the Superior Court of Vance County,
North Carolina, the undersigned Com
missioner will on Thursday, Match 29,
1934, at 12 o’clock, Noon, at the
Courthouse door in Vance County,
North Carolina (at Henderson, N. C.),’
offer for sale to the highest bidder,
Cash, that certain real estate lying
and being in Vance County, North
Carolina, more particularly described
Begin at a stake, (iren) Blackwell
and Kelly's old corner; and run (In n..-
S. 32 1-2 E. 69 ft. to an iron pin;
thence S. 60 E. 1444 1-2 ft. to an iron
pin, Kittrell’s old corner in Buchan's
line; thence N. 31 1-2 E. 60 ft. to an
iron pin; thence S. 62 1-2 E. 189 ft.
to an iron stake in West side of New
Street; thence N. 31 1-2 E. 90 ft. along
said street to an iron stake (in road);
thence N. 55 W. 74 ft. to an iron pin;
thence N. 70 W. 199 ft. to an iron
stake; thence N. 28 W. 50 ft. to an
iron stake in red gulley; thence S. 65
W. 154 ft. to the beginning. Also re
' fee to Book 43, at page 351, in tin
office of the Register of Deeds of
Vance County, for a more particular
This the 26th day of February, 11*31
T. P. GJHOLSON.
SALE OF VALUABLE FARM
Under and by virtue of the authority
confer! ed upon us in a deed of trust
executed by Walter Williams and wife
Martha Williams on the 18th day of
November 1925 and recorded in Boon
130, Page 12S, we will on Saturday (lie
24th day of March 1931 12 o'clock
noon at the Courthouse door in Vance
County, Henderson, N. C., sell at pub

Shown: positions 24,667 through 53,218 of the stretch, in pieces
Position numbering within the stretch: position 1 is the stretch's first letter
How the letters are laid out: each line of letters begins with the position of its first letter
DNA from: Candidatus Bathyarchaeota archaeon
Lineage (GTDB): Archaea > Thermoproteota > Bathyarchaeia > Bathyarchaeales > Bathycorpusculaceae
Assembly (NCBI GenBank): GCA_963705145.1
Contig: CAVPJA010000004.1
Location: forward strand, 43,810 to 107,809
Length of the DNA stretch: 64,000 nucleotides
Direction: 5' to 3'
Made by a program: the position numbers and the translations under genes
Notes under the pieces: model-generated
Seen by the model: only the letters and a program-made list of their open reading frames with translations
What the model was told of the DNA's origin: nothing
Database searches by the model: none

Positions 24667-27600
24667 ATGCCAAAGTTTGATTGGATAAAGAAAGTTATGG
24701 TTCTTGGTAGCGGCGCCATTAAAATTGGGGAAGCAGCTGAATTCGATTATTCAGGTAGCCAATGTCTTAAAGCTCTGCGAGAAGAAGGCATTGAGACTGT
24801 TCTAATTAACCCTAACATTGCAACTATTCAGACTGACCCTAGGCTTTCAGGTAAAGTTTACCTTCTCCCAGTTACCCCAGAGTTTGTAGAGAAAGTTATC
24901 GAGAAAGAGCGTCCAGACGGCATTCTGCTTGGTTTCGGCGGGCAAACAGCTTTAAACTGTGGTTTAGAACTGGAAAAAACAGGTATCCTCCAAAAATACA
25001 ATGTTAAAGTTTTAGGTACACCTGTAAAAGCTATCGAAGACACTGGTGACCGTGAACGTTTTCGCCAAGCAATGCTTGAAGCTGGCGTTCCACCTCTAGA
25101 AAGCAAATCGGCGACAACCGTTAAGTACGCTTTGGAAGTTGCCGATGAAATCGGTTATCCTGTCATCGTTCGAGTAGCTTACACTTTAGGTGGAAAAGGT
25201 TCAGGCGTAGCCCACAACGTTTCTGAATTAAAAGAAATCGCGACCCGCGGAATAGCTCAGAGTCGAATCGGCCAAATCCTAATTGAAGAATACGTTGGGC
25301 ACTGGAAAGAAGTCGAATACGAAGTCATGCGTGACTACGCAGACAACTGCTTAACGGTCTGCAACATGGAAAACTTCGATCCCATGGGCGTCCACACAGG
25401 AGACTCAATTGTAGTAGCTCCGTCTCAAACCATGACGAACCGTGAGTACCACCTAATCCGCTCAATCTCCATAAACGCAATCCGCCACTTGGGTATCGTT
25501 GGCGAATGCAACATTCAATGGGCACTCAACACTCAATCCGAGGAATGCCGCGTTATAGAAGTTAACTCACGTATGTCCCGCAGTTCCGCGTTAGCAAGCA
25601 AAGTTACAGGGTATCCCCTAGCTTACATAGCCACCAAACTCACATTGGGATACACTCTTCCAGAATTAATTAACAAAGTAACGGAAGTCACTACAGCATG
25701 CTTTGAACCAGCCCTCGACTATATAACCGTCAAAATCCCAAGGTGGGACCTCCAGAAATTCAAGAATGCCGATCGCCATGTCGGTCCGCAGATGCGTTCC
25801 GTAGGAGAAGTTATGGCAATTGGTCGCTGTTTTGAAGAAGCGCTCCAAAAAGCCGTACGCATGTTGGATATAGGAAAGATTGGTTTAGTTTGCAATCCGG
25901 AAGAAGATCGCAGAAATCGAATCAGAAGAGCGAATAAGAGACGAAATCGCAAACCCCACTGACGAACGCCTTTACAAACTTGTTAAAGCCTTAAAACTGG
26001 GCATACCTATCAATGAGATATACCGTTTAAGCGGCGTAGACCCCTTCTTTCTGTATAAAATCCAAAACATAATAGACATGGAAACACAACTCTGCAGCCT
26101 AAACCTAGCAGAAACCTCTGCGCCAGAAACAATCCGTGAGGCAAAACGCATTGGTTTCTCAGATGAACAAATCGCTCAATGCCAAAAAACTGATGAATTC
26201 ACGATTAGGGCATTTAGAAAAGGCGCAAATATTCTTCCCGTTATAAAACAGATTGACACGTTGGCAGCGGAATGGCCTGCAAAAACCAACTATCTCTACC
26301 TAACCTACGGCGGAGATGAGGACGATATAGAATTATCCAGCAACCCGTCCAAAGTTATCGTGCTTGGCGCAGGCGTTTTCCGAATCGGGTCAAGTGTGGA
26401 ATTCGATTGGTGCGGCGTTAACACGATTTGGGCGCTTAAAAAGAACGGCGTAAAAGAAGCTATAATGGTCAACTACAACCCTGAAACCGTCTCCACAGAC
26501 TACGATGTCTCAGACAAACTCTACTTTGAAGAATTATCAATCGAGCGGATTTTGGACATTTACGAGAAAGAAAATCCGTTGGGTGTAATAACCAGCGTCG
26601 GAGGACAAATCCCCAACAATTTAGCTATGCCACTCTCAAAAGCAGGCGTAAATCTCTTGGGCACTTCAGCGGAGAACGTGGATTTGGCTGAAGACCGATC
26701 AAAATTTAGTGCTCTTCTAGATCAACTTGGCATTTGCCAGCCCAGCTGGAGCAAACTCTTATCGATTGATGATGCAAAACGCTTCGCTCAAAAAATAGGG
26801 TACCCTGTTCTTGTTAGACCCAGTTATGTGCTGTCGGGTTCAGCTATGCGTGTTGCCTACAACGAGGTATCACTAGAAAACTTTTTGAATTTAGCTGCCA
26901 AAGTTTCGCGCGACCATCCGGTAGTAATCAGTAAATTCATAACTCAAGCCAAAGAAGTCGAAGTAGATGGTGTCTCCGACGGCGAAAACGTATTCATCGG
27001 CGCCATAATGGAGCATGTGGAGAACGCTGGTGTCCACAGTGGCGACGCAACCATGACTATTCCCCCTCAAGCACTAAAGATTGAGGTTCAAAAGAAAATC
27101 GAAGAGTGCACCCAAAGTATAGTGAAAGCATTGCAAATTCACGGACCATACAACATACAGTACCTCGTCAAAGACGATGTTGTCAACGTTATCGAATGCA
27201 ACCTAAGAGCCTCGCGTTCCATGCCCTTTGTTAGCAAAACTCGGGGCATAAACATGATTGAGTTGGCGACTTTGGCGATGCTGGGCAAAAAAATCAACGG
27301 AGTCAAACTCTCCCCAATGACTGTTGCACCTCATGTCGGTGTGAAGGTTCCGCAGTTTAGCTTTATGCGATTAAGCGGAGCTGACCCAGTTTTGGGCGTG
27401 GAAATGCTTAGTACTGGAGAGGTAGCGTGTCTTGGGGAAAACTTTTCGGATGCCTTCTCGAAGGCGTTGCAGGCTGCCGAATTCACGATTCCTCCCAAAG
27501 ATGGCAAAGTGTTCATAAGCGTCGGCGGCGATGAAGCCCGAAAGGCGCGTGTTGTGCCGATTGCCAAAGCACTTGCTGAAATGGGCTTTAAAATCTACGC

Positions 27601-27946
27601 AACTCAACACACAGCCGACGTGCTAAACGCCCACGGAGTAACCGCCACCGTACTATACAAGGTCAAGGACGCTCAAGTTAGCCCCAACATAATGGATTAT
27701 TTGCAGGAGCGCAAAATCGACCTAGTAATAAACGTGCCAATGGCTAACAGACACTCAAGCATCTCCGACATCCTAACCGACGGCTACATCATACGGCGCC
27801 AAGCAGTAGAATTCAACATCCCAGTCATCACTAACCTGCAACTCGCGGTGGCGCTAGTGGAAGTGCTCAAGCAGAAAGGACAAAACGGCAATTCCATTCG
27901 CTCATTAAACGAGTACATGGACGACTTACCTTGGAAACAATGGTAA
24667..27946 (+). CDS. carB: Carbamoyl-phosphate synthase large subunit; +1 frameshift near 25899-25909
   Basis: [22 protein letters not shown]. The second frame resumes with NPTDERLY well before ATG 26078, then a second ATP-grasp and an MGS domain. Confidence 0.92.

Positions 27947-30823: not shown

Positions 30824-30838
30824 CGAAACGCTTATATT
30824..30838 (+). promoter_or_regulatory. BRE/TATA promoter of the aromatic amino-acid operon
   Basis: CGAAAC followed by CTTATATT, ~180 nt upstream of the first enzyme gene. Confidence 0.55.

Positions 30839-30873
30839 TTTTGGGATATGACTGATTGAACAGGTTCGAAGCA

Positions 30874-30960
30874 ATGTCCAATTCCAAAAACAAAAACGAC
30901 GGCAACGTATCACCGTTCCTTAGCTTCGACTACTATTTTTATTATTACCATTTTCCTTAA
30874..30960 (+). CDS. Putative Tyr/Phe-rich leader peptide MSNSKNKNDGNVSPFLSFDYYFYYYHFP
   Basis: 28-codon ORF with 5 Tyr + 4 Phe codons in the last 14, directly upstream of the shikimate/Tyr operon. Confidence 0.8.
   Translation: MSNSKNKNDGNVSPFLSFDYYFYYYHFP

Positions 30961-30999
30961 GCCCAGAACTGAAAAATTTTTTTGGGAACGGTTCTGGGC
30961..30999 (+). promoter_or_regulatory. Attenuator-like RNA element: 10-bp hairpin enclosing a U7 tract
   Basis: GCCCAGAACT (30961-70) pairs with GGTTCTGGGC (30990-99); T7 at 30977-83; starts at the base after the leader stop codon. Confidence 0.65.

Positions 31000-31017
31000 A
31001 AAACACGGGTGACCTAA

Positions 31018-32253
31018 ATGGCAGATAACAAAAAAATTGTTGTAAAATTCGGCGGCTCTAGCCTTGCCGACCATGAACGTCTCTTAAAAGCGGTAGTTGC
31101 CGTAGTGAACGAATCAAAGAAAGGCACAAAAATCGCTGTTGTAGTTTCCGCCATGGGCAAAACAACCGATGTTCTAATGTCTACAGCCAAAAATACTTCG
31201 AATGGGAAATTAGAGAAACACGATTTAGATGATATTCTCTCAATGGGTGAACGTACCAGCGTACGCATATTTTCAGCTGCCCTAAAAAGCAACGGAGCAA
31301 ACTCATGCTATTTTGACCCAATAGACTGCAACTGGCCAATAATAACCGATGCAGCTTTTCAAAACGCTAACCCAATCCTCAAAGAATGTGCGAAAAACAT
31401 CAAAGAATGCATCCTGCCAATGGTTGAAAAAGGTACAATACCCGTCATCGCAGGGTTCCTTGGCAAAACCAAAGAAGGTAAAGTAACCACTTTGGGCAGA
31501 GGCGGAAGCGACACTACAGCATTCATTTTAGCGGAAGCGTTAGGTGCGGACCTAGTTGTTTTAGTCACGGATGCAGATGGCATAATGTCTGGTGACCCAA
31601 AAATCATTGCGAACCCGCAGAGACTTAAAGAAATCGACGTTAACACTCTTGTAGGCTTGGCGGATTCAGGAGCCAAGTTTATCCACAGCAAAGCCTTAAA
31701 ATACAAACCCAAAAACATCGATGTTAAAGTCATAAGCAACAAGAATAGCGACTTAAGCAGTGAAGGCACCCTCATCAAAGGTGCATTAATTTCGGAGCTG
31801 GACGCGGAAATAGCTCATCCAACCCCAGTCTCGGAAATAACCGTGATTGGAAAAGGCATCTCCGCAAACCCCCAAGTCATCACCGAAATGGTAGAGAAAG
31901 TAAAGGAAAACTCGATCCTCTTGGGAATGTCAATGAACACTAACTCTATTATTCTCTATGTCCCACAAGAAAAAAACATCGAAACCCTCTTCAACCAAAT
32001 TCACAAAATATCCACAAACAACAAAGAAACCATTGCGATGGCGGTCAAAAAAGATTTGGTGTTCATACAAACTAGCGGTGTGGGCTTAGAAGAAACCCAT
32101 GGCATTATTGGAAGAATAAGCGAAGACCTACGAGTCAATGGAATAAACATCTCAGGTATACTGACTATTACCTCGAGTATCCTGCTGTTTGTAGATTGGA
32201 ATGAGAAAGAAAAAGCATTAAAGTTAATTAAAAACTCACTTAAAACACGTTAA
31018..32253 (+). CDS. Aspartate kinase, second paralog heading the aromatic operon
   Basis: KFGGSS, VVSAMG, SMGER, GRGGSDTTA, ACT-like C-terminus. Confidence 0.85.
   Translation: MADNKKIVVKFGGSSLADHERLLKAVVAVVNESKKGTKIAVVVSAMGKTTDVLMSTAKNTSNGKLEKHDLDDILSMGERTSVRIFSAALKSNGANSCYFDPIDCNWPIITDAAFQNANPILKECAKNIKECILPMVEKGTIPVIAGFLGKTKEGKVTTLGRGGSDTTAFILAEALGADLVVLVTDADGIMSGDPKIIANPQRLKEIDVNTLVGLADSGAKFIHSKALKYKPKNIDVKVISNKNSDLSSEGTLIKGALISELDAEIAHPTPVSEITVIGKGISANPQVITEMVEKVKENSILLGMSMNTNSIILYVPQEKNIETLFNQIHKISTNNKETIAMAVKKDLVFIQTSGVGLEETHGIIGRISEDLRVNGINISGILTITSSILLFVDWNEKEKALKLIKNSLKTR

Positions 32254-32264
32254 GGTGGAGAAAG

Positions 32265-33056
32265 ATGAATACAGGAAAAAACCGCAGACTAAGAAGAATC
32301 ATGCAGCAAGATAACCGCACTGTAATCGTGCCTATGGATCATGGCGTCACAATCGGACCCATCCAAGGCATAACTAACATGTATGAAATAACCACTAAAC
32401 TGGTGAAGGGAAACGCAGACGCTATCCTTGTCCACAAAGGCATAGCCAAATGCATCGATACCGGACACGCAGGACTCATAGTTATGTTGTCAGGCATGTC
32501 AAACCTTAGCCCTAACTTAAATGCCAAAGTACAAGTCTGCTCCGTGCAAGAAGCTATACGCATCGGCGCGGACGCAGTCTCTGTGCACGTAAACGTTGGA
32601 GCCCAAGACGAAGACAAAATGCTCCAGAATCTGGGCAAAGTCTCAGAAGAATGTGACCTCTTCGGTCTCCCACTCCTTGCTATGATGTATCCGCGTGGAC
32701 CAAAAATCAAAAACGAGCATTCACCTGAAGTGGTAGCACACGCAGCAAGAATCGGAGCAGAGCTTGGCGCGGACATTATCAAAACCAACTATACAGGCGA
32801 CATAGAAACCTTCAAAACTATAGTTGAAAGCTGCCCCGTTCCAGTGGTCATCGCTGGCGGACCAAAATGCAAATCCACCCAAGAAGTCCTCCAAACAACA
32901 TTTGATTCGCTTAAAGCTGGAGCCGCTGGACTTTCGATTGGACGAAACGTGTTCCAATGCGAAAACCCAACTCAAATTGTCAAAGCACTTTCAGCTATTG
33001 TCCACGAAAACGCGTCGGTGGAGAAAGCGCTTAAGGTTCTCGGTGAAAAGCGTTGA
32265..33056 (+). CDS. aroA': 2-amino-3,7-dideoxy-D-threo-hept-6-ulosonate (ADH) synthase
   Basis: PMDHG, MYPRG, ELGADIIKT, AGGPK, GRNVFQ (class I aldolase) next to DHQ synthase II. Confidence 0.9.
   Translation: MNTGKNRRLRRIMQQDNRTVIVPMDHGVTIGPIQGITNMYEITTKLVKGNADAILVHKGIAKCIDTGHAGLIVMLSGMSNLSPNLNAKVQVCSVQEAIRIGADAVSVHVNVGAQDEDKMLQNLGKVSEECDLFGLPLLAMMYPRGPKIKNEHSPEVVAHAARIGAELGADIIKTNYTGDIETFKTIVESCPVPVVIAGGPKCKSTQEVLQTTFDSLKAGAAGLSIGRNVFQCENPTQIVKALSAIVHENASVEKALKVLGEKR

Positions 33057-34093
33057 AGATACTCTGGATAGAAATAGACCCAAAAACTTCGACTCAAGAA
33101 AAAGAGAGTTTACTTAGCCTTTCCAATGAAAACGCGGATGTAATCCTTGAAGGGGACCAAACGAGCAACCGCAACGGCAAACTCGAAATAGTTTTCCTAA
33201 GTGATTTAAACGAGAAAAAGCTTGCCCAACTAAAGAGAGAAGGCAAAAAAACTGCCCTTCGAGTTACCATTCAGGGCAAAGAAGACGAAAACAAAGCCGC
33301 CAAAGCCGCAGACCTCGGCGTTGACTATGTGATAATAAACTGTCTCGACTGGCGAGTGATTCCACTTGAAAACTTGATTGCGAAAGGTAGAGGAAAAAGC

lic auction for cash to the highest
bidder the following land to-wit:
Begin at a stone on the W. side
of the Mill Rd. Morgan’s line, thenee
along J. G. Morgan’s line W. 24 ehs.
to a stone; thence S. 7 chs. 92 Iks. to
a white oak; thence W. 15 chs. thence
N. 67 W. 4 chs. 16 Iks, to a cedar;
thence S. 26 1-2 W. 20 chs. 27 Iks. to
a white oak, Morgan's and Tayloi s
corner; thence S. 18 E. 21 chs. to
Dogwood, Edmund's corner; thence
S. 56 1-2 E. 15 chs. and 5 Iks. to a
pine; thence S. 5 chs. 8 Iks. to a
stump; thence E. 12 chs. 38 Iks. to
a dogwood; thence N. 51 E. 4 chs. 70
Iks. to a stone; thence E. 18 chs.
70 Iks. to saw mill rd. thence along
the said road to the beginning, con
taining 236 2-3 acres, more or less.
This sale is made by reason of the
failure of Walter Williams and wife.
Martha. Williams to pay off and dis
charge the indebtedness accrued by
said deed of trust.
A deposit of 10 per cent will be re
quired from the purchaser at the sale
This the 19th day of February, 1931.
Substituted Trustee, Durham, N. C.
SALfe OF VALUABLE FARM
Under and by virtue of the an
thority conferred upon us in a deed
of trust executed by A. D. Danse .ui'J
wife, Mary B. Dause on the 61 h day
of April 1926 and recorded in R ,M, k
127, Pago 289, we will on Safin day
the 21th day of March 1934, 12 o'clock
noon at the Courthouse door in Vance
County, Henderon, N. C„ sell ul I'" 1 '
lie auction for cash to the highest
bidder the following land to-wit
Begin at a point on road leading
from Bobbitt to Bear Pond, ne; i red
oak tree; run thence along road N
12 E. 658 ft. to a stone on road;
thence S. 80 E. 2325 ft. to stake;
thence S. 6 1-2 E. 440 ft. to stake,
thence N. 85 W. 2491.5 ft. to road, the
'Place of beginning, containing 3b
acres, more or less. This is the «anie
tract of land conveyed by J. C. Kit
trell, Trustee to A. D. Dause by need
dated Feb. 4, 1922 and registered in
Book 100, Page 557 Register of Deeds
office, Vance County.
This sale is made by reason of the
failure of A. D. Dause and wile.
Mary B. Dause to pay off and dis
charge the indebtedness secured |J >
said deed of trust.
A deposit of 10 per cent will be
required from purchaser at 'be
This the 13th day of February, l- ;!!
Substituted Trustee, Durham. N- ‘